Manulife Investment Management has acquired a 10-acre industrial parcel of land and a 108,500-square-foot building in an Ottawa industrial park on behalf of its Canadian Pooled Real Estate Fund.
The property has been acquired with an eye to future redevelopment, considering the city’s rapidly growing industrial sector and very low industrial vacancy rate of about 3.4 per cent.
Financial details were not disclosed.
“Acquiring strategic infill redevelopment sites in established industrial nodes is an important part of our build-to-core program to grow our industrial portfolio,” said Gregory Sweeney, Manulife Investment Management’s head of Canadian real estate investments, in the announcement Friday.
The property at 2105 Bantree Rd. is adjacent to the Innes Business Park, in the city’s largest centrally located industrial submarket, and is currently zoned for heavy industrial uses.
Manulife also manages the business park.
Manulife’s second recent Ottawa-Gatineau acquisition
Ottawa’s Belfast-Sheffield industrial submarket offers excellent highway access, which provides connectivity to major shipping routes and downtown is just a few moments away. Manulife considers the property an “attractive redevelopment opportunity.”
It is the second real estate purchase for Manulife in the region this week. The firm acquired Le Vibe, a two-building, 181-unit luxury apartment complex in neighbouring Gatineau, across the Ottawa River in Quebec, for $63 million.
Le Vibe is Manulife’s first multifamily acquisition in the region.
During the recent Ottawa Real Estate Forum, Sweeney was a member of the industrial panel and made reference to the pending acquisition. Noting the city’s strong fundamentals, and its strategic location between Montreal (about a two-hour drive) and Toronto (about 3.5 hours via major highways), he suggested its small but growing industrial sector should continue to flourish.
“It’s an infill redevelopment opportunity where we’ll likely build a couple of hundred thousand square feet over time,” he said of the Bantree site.
Ottawa’s changing industrial sector
Manulife owns more than 20 properties in Ottawa and Gatineau and its industrial tenants are bursting at the seams.
“When we look at the tenants for our portfolio, we are 100 per cent occupied,” Sweeney said during the forum. “Those tenants, they need room to grow and to expand.
“We need room for new entrants to come into the market. So the possibility of this, for lack of a better word, ‘repositioning’ of the Ottawa market, to being more than it once was, is all positive.”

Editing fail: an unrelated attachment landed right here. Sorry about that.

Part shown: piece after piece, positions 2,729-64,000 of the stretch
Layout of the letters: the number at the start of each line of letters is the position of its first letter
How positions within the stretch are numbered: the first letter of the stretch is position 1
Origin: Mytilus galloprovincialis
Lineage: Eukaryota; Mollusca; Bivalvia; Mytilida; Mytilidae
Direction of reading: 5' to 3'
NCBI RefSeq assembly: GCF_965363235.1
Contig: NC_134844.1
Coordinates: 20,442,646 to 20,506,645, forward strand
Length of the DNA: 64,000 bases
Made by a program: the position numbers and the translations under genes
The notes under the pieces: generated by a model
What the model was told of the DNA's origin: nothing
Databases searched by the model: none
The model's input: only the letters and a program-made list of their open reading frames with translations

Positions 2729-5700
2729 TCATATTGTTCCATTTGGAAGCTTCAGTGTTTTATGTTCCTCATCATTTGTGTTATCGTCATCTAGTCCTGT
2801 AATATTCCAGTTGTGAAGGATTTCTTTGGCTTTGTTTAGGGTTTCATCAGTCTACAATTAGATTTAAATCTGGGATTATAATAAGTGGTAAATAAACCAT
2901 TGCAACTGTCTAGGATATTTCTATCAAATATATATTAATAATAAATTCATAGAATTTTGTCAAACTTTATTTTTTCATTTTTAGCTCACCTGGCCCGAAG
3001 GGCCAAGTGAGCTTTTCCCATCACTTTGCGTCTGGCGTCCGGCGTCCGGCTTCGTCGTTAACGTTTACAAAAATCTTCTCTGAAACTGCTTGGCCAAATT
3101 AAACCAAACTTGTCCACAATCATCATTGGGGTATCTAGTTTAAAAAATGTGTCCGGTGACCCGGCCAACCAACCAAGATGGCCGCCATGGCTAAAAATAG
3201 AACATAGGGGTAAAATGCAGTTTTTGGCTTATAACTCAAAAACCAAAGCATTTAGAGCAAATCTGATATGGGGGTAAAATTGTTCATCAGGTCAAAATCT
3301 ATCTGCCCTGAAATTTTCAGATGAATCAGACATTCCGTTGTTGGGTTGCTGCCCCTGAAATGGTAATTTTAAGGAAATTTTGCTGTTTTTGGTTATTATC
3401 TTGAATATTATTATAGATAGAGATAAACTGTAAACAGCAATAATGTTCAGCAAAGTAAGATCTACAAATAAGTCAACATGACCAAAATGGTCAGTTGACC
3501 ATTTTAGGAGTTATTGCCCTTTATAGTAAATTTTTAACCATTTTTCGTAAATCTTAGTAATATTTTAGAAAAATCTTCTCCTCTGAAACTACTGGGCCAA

Although not traditionally a major industrial city in addition to being land-constrained and a difficult market to break into, Sweeney said Manulife has a strong interest in Ottawa.
The arrival of e-commerce giant Amazon in a big way during the past 18 months – Montreal-based Broccolini has already built a million-square-foot warehouse in the East End for Amazon and is now building a 2.88-million-square-foot, multi-level distribution centre in suburban Barrhaven – has elevated that interest.
“Broccolini, Amazon they are clearly trailblazing a path here,” Sweeney noted. “We are seeing the National Capital Business Park being rumoured for 100 acres of additional development. I actually think it’s all positive for the market.”
In total, CBRE senior vice-president Nico Zentil recently reported about four million square feet of new space (including Amazon’s warehouses) — or about 12.5 per cent of total inventory — is coming into the market.
Average asking rates are at $10.41 per square foot, the third-highest rate in Canada, and the market saw 120,000 square feet of net absorption in Q3 2020 alone.
Manulife sees good results from Ottawa
“Ottawa has actually performed, within our portfolio, on par with Toronto, Montreal and Vancouver over the past 10 years,” Sweeney noted. “Ottawa has always been that stable market and will continue to be a very very stable market.
“We continue to be bullish on Ottawa. This year alone, it will probably be the biggest net investment market for us.”
All of this is leading Manulife and others to re-evaluate their development options.
“(We’re) also looking inward at our own portfolio where we’ve got some buildings that are older-vintage, less functional, maybe have some excess land on them as well,” he said.
“Absolutely I think we’ll be undertaking development in the next couple of years in Ottawa and I think we’d even look at doing it on a speculative basis.
“I think the fundamentals in this market are pretty tremendous.”